When white people in the US wear dreadlocks, the power of this symbolic resistance is reduced to an “exotic” fashion trend wherein the oppressor is able to “play,” temporarily, an “exotic other” without acknowledging or experiencing any of the daily discriminations black folks have to face.

2. “We live in an intercultural society. Black women wear white hairstyles, so what’s up with the double standard?”

To which my friends responded:

Black women are told that in order to appear “respectable” in US society, they need to invest an obscene amount of time and energy into making themselves “look more white.”

Due to this fucked-up societal pressure – and due to the institutional power that white people have in determining mainstream beauty standards – it’s not the same.

3. “Nobody can control me! I do what I want!”

To which my friends responded:

…and you know what? You’re white, so it makes complete sense that you’d feel that way.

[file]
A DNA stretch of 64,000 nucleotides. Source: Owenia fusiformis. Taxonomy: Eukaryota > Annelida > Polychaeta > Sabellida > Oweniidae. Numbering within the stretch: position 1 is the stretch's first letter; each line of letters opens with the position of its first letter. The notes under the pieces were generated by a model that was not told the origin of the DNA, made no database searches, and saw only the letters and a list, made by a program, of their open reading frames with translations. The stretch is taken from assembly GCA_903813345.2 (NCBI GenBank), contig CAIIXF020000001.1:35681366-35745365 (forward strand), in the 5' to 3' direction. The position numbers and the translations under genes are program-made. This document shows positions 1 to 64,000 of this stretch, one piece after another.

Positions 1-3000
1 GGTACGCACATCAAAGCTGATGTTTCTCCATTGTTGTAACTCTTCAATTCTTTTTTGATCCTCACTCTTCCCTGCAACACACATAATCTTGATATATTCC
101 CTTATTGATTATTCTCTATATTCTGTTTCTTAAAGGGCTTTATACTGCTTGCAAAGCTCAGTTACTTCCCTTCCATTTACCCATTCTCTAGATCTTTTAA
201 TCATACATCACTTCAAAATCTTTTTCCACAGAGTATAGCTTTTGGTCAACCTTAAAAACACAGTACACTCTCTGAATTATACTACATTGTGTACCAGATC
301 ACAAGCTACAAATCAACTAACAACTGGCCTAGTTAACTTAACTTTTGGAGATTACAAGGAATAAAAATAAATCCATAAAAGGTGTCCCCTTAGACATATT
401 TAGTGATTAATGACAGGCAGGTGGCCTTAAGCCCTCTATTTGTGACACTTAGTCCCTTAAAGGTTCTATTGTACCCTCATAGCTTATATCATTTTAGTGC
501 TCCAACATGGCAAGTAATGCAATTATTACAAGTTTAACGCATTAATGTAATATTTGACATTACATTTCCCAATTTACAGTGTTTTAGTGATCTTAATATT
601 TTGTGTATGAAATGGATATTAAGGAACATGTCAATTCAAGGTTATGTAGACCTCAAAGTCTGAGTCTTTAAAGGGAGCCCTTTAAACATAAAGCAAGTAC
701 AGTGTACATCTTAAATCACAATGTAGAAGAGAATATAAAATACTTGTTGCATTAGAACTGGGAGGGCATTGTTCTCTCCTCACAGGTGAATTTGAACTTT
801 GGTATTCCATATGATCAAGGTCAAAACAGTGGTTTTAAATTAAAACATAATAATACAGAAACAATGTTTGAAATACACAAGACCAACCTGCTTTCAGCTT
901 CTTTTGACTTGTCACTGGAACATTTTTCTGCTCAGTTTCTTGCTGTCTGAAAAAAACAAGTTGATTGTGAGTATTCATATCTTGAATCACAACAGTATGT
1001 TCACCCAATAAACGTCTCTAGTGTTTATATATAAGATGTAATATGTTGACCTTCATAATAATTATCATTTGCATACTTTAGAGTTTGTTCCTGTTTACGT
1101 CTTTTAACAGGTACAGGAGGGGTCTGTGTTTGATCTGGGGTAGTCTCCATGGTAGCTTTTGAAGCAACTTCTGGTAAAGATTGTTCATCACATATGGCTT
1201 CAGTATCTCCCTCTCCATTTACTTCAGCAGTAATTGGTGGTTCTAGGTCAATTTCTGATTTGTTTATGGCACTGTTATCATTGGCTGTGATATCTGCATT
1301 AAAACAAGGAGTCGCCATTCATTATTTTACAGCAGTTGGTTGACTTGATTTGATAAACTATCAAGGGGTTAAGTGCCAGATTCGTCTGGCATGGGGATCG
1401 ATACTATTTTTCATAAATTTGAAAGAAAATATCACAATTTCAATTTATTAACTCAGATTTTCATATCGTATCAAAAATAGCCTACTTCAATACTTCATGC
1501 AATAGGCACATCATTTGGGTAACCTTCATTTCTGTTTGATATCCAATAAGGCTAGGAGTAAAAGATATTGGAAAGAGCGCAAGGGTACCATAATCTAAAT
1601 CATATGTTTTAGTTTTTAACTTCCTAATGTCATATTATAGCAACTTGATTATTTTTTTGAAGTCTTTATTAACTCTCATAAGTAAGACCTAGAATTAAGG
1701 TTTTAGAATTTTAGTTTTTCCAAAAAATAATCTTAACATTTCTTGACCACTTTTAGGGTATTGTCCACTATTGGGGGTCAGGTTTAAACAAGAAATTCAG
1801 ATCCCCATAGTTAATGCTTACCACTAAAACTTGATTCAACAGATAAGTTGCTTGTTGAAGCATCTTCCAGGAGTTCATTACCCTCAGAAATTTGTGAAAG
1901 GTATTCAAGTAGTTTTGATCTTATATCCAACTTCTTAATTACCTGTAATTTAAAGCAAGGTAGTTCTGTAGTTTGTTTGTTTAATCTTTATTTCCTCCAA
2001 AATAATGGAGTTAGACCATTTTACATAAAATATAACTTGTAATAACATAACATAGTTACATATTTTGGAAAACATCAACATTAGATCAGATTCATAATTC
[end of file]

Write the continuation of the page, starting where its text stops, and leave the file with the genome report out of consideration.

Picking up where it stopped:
4. “By wearing dreadlocks, I’m giving up my white privilege to stand in solidarity with POC.”

To which my friends responded:

You are an oppression tourist – a white girl who always has an escape route back to the open arms of white supremacy once she is through rebelling. You can cut them off anytime.

To pretend otherwise or assume yourself a martyr is misguided and offensive.

5. “But there’s a difference between ‘appreciation’ and ‘appropriation’ isn’t there?”

My friends referred me to articles like these, saying:

I’m trying to think of examples of things I respect and how I show that respect. I’m actually struggling to think of a time when I respected something, and decided the best way to show that respect was by taking it. You know how I show respect?

I listen.